“Remember to research.“
“I’m sure I blew one interview by expressing my desire to get experience in a program they didn’t offer, and expressing my distaste for the one they did. Oops. I’d mistakenly thought they did offer that program.”
When interviewing at an international school recruitment fair, it is indeed a difficult task to be 100% knowledgeable about each international school you interview with. You do some final researching the night/morning before the interview, but even then some facts about the school might slip your mind when you are most likely in a nervous state trying to answer their questions during the actual interview.
On June 15, 2006 the term, or more correctly the transitive verb, “to google” was added to the Oxford English Dictionary. It seems like that term has been around for ages, and although derived from the eponymous search engine, it has simply become a common use for when you need to look up something, or research something. It is kind of strange to think that only ten or fifteen years ago, if you needed to look up information, phone numbers or directions, you had to have an encyclopedia, a phonebook or a map. Today, everything can be found by a simple click on Google. And with the second coming of the smart phones, there really is no reason to be ignorant when interviewing with an international school administrator.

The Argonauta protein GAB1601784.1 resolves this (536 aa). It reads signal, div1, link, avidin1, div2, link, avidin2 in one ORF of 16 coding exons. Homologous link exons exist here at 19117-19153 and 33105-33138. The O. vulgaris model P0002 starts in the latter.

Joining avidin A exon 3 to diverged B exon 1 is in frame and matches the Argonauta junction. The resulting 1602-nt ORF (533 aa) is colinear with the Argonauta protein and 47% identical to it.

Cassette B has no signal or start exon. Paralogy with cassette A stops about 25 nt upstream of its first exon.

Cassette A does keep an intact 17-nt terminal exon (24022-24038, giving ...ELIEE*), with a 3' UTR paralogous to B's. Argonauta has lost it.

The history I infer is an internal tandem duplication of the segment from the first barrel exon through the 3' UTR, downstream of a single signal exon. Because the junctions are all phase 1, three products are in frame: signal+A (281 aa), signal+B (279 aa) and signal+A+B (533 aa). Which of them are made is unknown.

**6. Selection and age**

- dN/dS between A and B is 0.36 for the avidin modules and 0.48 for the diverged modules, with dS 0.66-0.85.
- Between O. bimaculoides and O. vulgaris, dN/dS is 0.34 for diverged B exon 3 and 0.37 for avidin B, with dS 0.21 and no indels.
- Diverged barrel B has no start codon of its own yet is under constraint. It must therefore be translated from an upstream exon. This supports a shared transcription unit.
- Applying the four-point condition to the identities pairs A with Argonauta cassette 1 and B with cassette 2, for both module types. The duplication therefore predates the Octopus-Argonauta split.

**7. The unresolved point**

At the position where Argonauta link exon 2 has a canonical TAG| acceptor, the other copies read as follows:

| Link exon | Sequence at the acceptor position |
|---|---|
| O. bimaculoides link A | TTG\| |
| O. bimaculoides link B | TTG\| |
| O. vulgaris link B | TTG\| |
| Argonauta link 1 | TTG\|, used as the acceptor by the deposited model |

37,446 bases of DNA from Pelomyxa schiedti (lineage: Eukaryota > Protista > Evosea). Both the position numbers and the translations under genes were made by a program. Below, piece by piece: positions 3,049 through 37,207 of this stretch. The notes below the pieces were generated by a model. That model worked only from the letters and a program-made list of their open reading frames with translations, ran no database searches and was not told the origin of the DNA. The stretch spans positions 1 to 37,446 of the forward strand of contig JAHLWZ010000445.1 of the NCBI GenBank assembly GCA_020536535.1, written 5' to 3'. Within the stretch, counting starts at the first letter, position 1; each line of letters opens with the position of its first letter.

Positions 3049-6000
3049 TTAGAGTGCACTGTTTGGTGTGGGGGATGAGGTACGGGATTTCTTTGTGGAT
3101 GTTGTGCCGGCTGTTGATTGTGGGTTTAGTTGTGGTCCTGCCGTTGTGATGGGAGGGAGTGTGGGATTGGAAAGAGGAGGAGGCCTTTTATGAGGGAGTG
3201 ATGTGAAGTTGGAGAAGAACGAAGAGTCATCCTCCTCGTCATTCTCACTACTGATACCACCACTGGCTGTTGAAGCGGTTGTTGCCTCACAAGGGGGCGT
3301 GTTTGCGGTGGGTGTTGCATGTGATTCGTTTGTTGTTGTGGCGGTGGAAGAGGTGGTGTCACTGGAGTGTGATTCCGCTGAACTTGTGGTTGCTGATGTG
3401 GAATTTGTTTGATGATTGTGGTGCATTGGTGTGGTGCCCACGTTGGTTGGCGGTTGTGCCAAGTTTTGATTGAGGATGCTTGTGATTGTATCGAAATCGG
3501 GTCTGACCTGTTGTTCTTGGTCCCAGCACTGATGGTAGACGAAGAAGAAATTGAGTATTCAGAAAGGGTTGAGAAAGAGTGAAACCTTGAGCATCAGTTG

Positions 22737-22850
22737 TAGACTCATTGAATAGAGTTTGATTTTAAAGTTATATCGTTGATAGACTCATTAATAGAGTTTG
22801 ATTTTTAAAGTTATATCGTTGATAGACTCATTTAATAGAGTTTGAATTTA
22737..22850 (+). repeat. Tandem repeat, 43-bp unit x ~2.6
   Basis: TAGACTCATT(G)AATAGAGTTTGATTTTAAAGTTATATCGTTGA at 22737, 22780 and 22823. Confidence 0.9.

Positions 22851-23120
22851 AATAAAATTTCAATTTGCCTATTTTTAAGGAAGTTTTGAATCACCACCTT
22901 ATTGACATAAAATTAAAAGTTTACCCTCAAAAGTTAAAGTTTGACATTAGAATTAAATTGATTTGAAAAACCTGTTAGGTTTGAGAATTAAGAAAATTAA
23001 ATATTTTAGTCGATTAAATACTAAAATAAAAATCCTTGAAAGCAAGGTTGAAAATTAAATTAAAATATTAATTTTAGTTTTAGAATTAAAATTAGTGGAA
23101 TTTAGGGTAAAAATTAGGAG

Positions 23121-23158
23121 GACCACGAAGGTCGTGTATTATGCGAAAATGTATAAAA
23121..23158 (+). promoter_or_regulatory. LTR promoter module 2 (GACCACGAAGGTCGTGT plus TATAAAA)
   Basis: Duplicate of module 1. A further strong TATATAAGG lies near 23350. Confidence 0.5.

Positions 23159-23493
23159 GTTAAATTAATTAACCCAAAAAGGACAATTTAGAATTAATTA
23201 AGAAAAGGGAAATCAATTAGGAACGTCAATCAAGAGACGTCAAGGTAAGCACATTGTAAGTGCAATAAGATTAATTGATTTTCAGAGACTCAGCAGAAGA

With the daily flow of new information, we often need to research to get updated or learn about something new, either for work and for our own pleasure. If we need to give a lecture somewhere, we need to set the facts straight, and double-check that what we are actually saying is true. If we’re writing something like a blog or a book, we research.
One place where research is very vital is when we are looking for a new job; especially true if you are looking to secure a job at an international school halfway across the globe. We research the international school itself, the location that the international school is situated in, and we research what it is like to work at that international school. It’s important that we know as much as possible before applying for a position at an international school. Not just to see if we’re right for them, but if they’re right for us. Most work places today have a website that gives away so much information, but sometimes it just isn’t sufficient enough, and that’s when you have to contact the place and people that have worked at that place in the past (or if you know somebody who knows somebody who has worked there) and ask detailed questions.